The first track "Intro... Chicken Coop" contained, among other tracks, "Dead Man Walkin" from Cormega's LP "The Testament", which until recently, was shelved. The track was banned from the radio as a single due to what were seen as graphically violent lyrics at the time.

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Blaxploitation

Shaft (1971)

Blaxploitation is a film genre that emerged in the United States in the early 1970s when many exploitation films were made that targeted the urban black audience; the word itself is a portmanteau of the words "black" and "exploitation." Blaxploitation films were the first to feature soundtracks of funk and soul music. These films starred primarily black actors.. Variety magazine credited Sweet Sweetback's Baadasssss Song with the invention of the blaxploitation genre. Others argue that the Hollywood-financed film Shaft is closer to being blaxploitation, and thus, is more likely to have begun the genre.

When set in the Northeast or West Coast of the U.S., Blaxploitation films tend to take place in the ghetto, dealing with hit men, drug dealers, and pimps. The genre frequently takes place in an atmosphere of crime and drug-dealing. Ethnic slurs against whites (e.g. "honky"), and negative white characters like corrupt cops, politicians, women of ill repute and easily fooled organized crime members were common. Blaxploitation films set in the South often take place on a plantation, dealing with slavery and miscegenation.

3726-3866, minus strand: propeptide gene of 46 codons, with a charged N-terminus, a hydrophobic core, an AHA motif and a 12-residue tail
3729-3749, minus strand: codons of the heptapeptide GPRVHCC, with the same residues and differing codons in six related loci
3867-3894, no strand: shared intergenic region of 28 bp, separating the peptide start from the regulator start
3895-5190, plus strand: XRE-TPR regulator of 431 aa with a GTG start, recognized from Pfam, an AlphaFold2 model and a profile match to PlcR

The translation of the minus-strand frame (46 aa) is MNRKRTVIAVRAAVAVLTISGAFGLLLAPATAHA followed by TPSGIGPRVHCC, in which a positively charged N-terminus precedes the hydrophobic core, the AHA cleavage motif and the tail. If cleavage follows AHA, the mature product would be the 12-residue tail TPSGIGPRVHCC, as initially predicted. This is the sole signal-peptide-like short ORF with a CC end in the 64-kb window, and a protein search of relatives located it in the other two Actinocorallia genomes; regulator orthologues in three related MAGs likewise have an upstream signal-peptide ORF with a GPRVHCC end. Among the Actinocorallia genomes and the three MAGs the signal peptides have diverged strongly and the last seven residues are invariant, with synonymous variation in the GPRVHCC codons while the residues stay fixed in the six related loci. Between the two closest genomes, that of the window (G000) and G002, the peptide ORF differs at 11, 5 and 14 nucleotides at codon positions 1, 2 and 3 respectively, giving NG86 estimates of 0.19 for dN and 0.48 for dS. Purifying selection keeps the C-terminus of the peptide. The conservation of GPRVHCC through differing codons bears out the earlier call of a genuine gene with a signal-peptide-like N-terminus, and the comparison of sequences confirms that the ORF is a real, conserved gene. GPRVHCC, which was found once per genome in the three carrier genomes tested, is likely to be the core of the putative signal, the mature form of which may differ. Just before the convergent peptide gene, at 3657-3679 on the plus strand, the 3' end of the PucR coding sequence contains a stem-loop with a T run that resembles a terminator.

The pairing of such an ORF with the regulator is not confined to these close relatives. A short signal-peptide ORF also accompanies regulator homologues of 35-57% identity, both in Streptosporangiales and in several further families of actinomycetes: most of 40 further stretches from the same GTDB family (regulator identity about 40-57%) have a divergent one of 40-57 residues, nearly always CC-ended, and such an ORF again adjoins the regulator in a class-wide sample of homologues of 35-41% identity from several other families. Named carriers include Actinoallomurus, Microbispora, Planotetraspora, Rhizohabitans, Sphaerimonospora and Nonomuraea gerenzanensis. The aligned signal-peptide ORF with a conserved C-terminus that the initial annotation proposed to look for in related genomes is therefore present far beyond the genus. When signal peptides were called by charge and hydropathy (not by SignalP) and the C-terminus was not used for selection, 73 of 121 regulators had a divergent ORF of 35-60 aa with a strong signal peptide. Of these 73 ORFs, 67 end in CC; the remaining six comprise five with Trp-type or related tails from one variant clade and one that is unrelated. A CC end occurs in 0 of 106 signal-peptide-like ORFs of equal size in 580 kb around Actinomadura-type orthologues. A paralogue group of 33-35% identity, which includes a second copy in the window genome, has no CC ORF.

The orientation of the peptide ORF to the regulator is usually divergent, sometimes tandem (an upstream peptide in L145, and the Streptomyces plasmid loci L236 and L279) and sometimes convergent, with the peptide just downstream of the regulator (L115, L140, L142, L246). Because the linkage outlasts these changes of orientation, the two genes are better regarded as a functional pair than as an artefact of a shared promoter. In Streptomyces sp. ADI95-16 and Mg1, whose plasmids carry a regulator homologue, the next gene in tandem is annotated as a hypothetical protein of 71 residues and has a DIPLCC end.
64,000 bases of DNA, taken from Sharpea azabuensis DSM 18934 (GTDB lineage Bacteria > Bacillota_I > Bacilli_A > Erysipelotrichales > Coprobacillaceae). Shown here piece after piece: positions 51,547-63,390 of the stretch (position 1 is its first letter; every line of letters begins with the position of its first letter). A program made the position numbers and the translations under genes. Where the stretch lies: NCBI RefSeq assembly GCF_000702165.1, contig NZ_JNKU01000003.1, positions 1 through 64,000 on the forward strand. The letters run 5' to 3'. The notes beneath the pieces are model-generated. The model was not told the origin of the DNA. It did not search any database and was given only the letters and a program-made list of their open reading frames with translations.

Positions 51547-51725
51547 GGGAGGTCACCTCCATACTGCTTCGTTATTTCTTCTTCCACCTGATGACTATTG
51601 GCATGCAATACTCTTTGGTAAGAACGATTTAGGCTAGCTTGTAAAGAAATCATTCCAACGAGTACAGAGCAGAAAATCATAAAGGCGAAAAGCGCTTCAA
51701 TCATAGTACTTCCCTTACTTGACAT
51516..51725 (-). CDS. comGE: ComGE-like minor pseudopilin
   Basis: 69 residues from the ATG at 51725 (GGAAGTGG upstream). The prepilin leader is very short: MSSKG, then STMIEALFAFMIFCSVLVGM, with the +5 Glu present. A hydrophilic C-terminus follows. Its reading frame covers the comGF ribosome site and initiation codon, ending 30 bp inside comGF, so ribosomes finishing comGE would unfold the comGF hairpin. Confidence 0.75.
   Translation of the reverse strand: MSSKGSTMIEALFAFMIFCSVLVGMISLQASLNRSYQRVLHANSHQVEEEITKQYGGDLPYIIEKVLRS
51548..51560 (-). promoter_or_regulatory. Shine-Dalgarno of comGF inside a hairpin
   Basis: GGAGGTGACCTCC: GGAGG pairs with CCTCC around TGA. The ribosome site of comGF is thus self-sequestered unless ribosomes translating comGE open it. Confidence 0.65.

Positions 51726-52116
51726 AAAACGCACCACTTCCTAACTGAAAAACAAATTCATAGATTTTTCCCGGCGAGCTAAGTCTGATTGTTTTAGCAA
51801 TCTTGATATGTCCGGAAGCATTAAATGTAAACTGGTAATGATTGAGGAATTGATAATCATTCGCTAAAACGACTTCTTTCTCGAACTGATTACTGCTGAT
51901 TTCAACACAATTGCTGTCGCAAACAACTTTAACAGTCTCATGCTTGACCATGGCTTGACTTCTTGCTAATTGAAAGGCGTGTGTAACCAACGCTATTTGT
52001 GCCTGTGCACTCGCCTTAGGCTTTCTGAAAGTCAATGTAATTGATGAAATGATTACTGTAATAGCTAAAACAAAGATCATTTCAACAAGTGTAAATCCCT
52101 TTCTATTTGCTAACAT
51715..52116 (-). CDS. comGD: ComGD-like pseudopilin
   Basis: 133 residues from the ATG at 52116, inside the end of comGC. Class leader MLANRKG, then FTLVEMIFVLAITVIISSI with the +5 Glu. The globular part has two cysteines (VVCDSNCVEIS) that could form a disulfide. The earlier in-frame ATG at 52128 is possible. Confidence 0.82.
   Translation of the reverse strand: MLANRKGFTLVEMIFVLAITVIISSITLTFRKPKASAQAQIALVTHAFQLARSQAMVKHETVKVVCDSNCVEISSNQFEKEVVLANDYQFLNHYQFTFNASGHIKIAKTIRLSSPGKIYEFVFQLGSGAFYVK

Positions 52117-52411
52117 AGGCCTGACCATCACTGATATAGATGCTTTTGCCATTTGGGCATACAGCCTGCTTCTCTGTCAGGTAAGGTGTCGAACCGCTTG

Blaxploitation includes several types of films, including crime (Foxy Brown), action (Three the Hard Way), horror (Abby), comedy (Uptown Saturday Night), nostalgia (Five on the Black Hand Side), coming-of-age/courtroom drama (Cornbread, Earl and Me), and musical (Sparkle). The primary quality of the Blaxploitation film is the targeted marketing to black audiences with the use of exploitable elements such as a black cast and subject matter of interest to African-Americans.

Following the lead of Sweet Sweetback's Baadasssss Song, many of these films featured funk and soul jazz soundtracks with heavy bass, funky beats and wah-wah guitars. These soundtracks are notable for a degree of complexity that was not common for radio-friendly funk tracks and rich orchestration that included uncommon instruments such as flutes and violins. This style of music actually evolved into a bona-fide musical genre, also called blaxploitation. Prominent examples of this style include Curtis Mayfield's Super Fly and Isaac Hayes's Shaft.

At the same time, the films were accused of stereotyping blacks, the audience they aimed to appeal to, as pimps and drug dealers. This dovetailed with common white stereotypes about black people, and as a result, many called for the end of the blaxploitation genre. The NAACP, the Southern Christian Leadership Conference, and the Urban League joined together to form the Coalition Against Blaxploitation. Backed by many black film professionals, this group received much media exposure and hastened the death of the genre by the late 1970s.

Blaxploitation films, such as Mandingo, laid the foundation for future filmmakers to address racial controversies regarding inner city poverty, and in the early 1990s, a new wave of acclaimed black filmmakers focused on black urban life in their films, particularly Spike Lee's Do the Right Thing and John Singleton's Boyz N the Hood, among others.